Tuesday, January 31, 2006

Fasting Of The Ninevites (Baoutha)

NOTE: This post was originally posted on my other blog two years ago. That was before I started this blog. I believe it has to be moved here so my Catholic readers can read it too.

Chaldeans and Assyrians in Iraq -- I believe the rest of Christian-Iraqi sectors do the same -- have a special fast, which starts three weeks before Lent. Its roots go back to pre-Christianity. If you have ever read the Book of Jonah (called Younan in Chaldean) from the Old Testament, then you'll know of which story I refer. It's a sweet and humorous story of Jonah from Israel who was sent by God to Nineveh city in Iraq to ask its people for repentance. To his surprise, the city listened to his message (I know, Iraqis are full of surprises). Everyone was required to fast including infants and animals. By the story's end, God shows Jonah His love for everyone, even the non-believers.

Christian-Iraqis fast every year for three days as a sign of thanksgiving to God. It starts on a Monday. People fast from midnight till midday and abstain from eating meat and all animal products during these three days. We keep our ancestors traditions, and this is one of my favorites.

Churches start mass before midday. Since it usually occurs during spring break in Iraq, churches are usually full with parishioners. Because we're social people in the Middle East, you may get invited to a friend's house, or you would invite friends to your house for lunch after church. The most popular food during the three-day fast is spinach, sabzi herb and onion soup made with sesame sauce. I have no idea how my mom makes this soup, but I LOVE IT. Other food would include fish, rice, falafel and vegetarian dolma made with rice, dill and olive oil. I love the food during these three days, it's the best.

In Basrah, we also make special sweet candies called "Halawat Khadr Alias." I can't remember if other parts of the country make this kind of sweets, I remember Basrah because it's one of these things you remember from your happy childhood days. Basrawi-Muslim shop owners don't ever miss Baoutha's date. They prepare the mixture for these candies on the second or third day of Baoutha. Christian women would buy kilos of the ready-made mixture from the shops. We usually add walnuts to the mixture and make it into small balls (the size of a small egg) then store them in big containers filled with flour to keep them moist. I miss these candies so much; I miss many things from my happy childhood in Iraq.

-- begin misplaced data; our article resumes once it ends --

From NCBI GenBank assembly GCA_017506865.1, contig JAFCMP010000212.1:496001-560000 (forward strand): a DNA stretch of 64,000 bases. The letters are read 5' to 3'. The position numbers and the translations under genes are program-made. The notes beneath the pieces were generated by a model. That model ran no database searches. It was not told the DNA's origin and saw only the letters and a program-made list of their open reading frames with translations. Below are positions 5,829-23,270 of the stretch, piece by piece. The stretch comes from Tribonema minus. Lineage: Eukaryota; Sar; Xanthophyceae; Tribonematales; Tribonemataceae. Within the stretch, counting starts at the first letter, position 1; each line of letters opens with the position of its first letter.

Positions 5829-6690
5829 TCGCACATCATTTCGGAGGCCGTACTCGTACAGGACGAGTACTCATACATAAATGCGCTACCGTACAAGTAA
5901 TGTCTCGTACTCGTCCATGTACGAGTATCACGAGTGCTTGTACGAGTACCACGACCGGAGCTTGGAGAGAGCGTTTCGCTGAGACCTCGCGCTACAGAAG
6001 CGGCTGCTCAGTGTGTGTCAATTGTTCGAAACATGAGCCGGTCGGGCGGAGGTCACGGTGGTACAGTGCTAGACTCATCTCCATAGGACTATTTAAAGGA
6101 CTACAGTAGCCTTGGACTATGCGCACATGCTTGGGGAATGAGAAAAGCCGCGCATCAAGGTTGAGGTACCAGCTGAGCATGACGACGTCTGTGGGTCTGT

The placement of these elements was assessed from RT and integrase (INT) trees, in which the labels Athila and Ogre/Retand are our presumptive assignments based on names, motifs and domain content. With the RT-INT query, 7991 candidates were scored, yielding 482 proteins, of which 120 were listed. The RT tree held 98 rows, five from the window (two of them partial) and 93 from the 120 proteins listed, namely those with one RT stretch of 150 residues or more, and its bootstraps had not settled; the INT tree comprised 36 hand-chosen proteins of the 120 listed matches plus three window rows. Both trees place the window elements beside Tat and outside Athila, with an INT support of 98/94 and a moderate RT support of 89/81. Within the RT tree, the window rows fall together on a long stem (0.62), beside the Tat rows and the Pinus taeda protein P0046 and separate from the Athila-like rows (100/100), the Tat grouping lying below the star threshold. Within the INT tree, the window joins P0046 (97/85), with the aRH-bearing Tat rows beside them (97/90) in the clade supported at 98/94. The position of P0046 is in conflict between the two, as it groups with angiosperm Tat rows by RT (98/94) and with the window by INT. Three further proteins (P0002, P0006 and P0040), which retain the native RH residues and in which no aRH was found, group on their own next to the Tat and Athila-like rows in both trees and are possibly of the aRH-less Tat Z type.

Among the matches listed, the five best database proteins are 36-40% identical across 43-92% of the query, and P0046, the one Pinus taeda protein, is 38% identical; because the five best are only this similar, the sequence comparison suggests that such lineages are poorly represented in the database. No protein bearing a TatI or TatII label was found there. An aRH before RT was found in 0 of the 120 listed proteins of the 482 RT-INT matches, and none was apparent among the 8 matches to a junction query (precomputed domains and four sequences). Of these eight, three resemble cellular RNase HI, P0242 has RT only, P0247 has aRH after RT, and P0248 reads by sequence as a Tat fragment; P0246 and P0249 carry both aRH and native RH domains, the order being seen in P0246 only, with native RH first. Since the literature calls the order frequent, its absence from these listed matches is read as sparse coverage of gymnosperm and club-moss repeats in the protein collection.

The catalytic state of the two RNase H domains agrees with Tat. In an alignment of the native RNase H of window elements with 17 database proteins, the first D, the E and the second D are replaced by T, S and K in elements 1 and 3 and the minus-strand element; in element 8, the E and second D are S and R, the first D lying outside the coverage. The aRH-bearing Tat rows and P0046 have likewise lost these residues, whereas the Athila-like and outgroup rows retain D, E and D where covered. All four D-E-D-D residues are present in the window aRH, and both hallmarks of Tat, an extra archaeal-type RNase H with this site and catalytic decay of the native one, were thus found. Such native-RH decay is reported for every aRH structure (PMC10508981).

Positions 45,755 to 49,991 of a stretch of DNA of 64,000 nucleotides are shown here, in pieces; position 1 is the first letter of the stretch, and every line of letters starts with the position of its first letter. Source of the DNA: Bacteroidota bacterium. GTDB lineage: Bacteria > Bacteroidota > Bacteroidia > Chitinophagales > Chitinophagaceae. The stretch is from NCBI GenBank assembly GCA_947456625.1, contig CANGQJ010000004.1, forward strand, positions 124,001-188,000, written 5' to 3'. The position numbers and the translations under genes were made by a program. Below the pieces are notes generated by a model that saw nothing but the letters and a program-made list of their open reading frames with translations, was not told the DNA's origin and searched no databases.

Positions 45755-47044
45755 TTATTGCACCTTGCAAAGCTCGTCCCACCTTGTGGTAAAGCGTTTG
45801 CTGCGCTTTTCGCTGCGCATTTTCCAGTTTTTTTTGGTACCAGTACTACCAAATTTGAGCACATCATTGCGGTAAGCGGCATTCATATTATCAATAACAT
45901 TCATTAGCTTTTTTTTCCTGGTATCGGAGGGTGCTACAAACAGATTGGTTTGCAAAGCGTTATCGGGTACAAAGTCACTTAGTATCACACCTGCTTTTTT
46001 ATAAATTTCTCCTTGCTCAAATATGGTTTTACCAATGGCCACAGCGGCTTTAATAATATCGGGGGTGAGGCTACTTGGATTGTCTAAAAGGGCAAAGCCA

BTW, I do speak Chaldean-Aramaic language. My dad reads, writes and speaks Chaldean language. It's my first language. Arabic is my second language and English is my third language. I wonder if I'll have a fourth language sometime in the future.

I hope you enjoyed reading about this ancient Iraqi tradition.
 

4 Comments:

Blogger Jon Hermiz said...

Awesome information, I am chaldean living in Michigan and at times it is difficult to explain Baoutha to my american friends. This was exactly what I was looking for.

Jon Hermiz

 
1/17/2008 07:21:00 AM  
Blogger Fayrouz said...

Hi Jon,

I wrote it for the same reason :-)

It's easier to refer people to this post than trying to explain Baoutha to them.

 
1/17/2008 12:31:00 PM  
Blogger Waleeta said...

Great post - just one remark. This is actually a pre-Christian Assyrian fast in which the Ninevites - ancient Assyrians - fasted for three days at the behest of Goddess Ishtar in order to raise Tammuz from the dead - which he did, three days later. The Assyrian churches adopted it and made it into a Christian fast, and of course when the church split into the three (Nestorian, Syriac, and Chaldean Catholic) all three churches continued the ancient Assyrian tradition!

 
3/20/2008 01:09:00 PM  
Blogger Mar Dezie said...

I am currently studying in Kottayam SEERI literary aramaic it's a two year course oh today is the third day of the fast of the Ninevites, I'll be glad of breakfast tomorrow. In southern India the fast is more of a memory though a colleague here from California a Syro-Malabar he also fasted. I would have loved to study at the old centres in Iraq, after this course I hope to go to Saint Esprit Kaslik and then maybe to Turkey for the other centres of literary aramaic. Well I looked up the fast coming near to the end now we just finished Ramsho prayers may you be happy. Sorry I am a bit spaced out and clear headed an odd mixture best stop there then.

 
1/27/2010 08:48:00 AM  

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